Learnable Phonetic Representations in a Connectionist TTS System — I: Text to Phonetics

  • Andrew D. Cohen
Chapter
Part of the Telecommunications Technology & Applications Series book series (TTAP)

Abstract

Results from connectionist experiments in text-to-speech conversion suggest that non-symbolic intermediate (‘phonetic’) representations may have a useful part to play in the design of a synthesis system. A similar strategy suggests itself in the subsequent stage when speech is produced from the intermediate representation, which makes it possible to bypass a symbolic, phonemic stage in the overall system, once trained. (This second stage is dealt with in a later chapter.) Error can still be calculated in terms of phonemes correct, but this is not necessarily a good measure of the naturalness and acceptability of the output speech. In contrast to other trainable text-to-speech systems, emphasis is laid here on the fundamental importance of phonetic and phonological sources of variability, and their separation from the underlying physical and temporal events. As far as possible, this phonetic/phonological capability should be built into the system prior to training on the main task at hand, as this corresponds more closely to the way these skills are acquired in human beings.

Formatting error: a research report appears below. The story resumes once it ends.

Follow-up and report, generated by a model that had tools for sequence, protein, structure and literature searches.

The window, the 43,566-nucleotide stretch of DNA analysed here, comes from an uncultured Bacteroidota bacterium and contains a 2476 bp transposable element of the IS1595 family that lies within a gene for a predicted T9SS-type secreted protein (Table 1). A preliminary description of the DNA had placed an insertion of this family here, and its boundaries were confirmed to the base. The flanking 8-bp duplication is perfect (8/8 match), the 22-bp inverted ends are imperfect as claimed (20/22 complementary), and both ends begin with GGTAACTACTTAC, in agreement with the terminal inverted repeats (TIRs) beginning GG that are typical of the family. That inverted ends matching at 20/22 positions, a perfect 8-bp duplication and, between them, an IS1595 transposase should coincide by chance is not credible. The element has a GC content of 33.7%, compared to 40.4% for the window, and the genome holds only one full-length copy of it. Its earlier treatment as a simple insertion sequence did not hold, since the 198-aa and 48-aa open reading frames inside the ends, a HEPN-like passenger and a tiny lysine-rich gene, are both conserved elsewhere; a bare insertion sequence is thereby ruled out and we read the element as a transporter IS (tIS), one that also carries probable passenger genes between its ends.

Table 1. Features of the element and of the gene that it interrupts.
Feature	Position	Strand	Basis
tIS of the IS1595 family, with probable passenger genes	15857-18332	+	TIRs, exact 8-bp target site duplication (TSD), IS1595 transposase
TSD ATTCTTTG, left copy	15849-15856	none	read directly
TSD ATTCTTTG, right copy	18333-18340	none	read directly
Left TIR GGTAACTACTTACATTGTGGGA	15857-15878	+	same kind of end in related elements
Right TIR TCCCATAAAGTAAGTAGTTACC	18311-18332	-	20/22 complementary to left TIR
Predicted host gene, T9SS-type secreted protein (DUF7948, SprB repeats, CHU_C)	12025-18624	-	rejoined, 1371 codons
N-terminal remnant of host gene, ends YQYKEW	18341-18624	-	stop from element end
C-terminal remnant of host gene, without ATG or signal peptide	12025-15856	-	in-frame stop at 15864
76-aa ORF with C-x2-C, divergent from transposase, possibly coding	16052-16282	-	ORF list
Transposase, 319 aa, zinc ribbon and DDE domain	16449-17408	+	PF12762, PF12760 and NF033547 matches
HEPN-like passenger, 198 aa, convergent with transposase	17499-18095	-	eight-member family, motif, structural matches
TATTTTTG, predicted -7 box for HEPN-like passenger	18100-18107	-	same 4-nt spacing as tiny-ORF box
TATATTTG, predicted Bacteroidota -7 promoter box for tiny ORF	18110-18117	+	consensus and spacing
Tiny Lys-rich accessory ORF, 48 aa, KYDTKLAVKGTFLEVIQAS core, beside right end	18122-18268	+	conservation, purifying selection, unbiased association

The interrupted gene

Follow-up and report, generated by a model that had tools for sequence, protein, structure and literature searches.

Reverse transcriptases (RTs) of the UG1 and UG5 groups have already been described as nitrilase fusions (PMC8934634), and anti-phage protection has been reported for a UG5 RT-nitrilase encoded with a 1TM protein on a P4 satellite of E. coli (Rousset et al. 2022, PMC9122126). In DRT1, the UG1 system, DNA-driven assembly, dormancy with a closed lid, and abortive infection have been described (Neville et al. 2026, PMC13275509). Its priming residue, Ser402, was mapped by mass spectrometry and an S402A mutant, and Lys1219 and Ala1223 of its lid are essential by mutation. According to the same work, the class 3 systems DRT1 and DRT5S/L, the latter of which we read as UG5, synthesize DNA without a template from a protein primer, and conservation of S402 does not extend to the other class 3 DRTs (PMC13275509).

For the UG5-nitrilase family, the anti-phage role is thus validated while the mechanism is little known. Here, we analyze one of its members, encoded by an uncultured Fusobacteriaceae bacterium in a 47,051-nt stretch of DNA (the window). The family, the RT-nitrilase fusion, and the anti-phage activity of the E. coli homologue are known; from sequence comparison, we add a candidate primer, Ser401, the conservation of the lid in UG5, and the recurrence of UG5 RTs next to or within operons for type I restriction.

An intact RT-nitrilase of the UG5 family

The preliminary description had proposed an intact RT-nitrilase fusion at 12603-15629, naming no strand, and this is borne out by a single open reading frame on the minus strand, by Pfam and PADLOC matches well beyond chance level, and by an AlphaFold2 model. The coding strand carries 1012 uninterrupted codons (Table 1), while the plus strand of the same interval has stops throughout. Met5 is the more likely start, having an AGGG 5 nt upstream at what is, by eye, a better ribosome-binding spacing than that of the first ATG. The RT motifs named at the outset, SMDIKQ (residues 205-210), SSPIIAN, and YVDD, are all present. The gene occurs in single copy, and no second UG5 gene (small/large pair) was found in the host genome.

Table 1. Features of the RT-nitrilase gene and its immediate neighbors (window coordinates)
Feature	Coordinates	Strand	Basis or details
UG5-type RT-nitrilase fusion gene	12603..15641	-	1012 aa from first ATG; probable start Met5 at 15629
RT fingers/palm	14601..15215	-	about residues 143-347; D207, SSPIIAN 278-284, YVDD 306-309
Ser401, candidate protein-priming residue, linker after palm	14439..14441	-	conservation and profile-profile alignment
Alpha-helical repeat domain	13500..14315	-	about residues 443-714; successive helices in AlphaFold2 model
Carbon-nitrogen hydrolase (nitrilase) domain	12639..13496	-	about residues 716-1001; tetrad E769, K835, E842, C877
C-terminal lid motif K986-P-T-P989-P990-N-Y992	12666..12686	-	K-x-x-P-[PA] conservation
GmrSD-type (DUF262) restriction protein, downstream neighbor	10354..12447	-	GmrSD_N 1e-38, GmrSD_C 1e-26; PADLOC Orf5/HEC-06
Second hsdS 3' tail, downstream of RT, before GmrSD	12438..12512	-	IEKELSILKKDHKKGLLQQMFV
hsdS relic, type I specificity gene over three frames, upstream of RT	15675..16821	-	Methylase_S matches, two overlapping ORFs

Keywords

Mean Square Error Hide Unit Speech Synthesis Intermediate Representation Single Network 
These keywords were added by machine and not by the authors. This process is experimental and the keywords may be updated as the learning algorithm improves.

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Copyright information

© Springer Science+Business Media Dordrecht 2001

Authors and Affiliations

  • Andrew D. Cohen

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